310 History of Wake Forest College
That the quality of the instruction in the School of Law was
maintained through the years is indicated by several facts: in
February, 1922, all the applicants for license from Wake Forest,
twenty-nine in number, before the Supreme Court were successful. At
that time the Wake Forest School of Law had sent fifty-four groups,
and this was the eighteenth perfect record, one-third of the entire
number. A year later thirty-nine men out of forty who had Dean
Gulley's certificates passed what was said to be "undoubtedly one of
the hardest of all written examinations," in which only thirty-three
other applicants were successful. Again, in February, 1927, twenty-
seven Wake Forest students of Law, two of them women, passed out
of a total of forty-three successful applicants; in February, 1929,
thirty-eight of the forty-one from Wake Forest passed; in February,
1930, fifty-two, onehalf of the total number licensed, were from the
Wake Forest School of Law; at the last Supreme Court examination,
that in August, 1933, thirty-five of the thirty-eight applicants from
Wake Forest were successful. Though the figures are not available for
precise statement of the other three groups sent up by Dean Gulley in
February, 1934, in August, 1934, and in February, 1935, it is known
that the same good record was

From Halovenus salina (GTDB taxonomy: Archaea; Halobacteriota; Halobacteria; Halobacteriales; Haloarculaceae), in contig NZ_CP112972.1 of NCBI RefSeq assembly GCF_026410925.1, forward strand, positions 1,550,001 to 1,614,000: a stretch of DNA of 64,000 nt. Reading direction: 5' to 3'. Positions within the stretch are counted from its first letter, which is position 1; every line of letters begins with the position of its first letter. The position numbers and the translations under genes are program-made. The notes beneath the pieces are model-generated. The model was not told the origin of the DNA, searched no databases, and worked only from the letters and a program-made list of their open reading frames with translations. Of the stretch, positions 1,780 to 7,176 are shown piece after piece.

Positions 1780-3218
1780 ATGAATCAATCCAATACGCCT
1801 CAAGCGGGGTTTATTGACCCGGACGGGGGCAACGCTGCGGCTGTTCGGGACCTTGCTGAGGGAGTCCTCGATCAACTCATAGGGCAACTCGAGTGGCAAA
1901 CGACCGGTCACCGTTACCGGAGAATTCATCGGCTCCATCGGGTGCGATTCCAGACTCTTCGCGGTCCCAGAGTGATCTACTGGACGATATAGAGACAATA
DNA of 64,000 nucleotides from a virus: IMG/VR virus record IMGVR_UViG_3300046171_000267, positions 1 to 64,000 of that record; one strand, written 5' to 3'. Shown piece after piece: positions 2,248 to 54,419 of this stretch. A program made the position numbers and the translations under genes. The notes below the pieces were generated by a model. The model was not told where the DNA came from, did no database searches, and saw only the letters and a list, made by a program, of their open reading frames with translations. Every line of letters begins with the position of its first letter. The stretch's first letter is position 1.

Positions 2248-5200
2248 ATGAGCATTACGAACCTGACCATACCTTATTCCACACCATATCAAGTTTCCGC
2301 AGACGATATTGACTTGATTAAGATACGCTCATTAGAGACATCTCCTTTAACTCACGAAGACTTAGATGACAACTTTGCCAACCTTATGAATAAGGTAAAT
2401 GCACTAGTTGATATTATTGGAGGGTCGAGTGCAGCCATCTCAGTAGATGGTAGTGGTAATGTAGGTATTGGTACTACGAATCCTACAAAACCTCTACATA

the regular and in the summer session, and the number of applicants for license and
the number of those who were successful. He also kept in a notebook lists of their
names, by groups under dates of the Supreme Court examinations. He published
several lists. One of these containing 227 names in alphabetic order is found in the
Bulletin of Wake Forest College, July, 1906, pp. 47f.; another, likewise in
alphabetical order, of 277 names, is found in the same publication for October,
1910, pp. 204-214; two other lists, both arranged under dates of examinations, are
found in the Wake Forest Student―one, Vol. XXXIV, 310ff., February, 1915,
consisting of 546 names; another Vol. XXXIX, 424ff., May, 1920, consisting of 766
1l Only in one or two instances was there anything approaching disaster in the
failures of Gulley's men before the Court. One of these was in August, 1914, when
only twenty-four of the thirty-eight applicants got their licenses. This was probably
due to the fact that Professor Timberlake was unable to teach on account of bad
health, and it was impossible to secure an adequate substitute. That at times failures
might be due to other things is indicated by the following from Dean Gulley's report
to the Board of Trustees in May, 1909: "At the August examination, we had 21
applicants for license and three failed; at the February examination, we had 15
applicants and two
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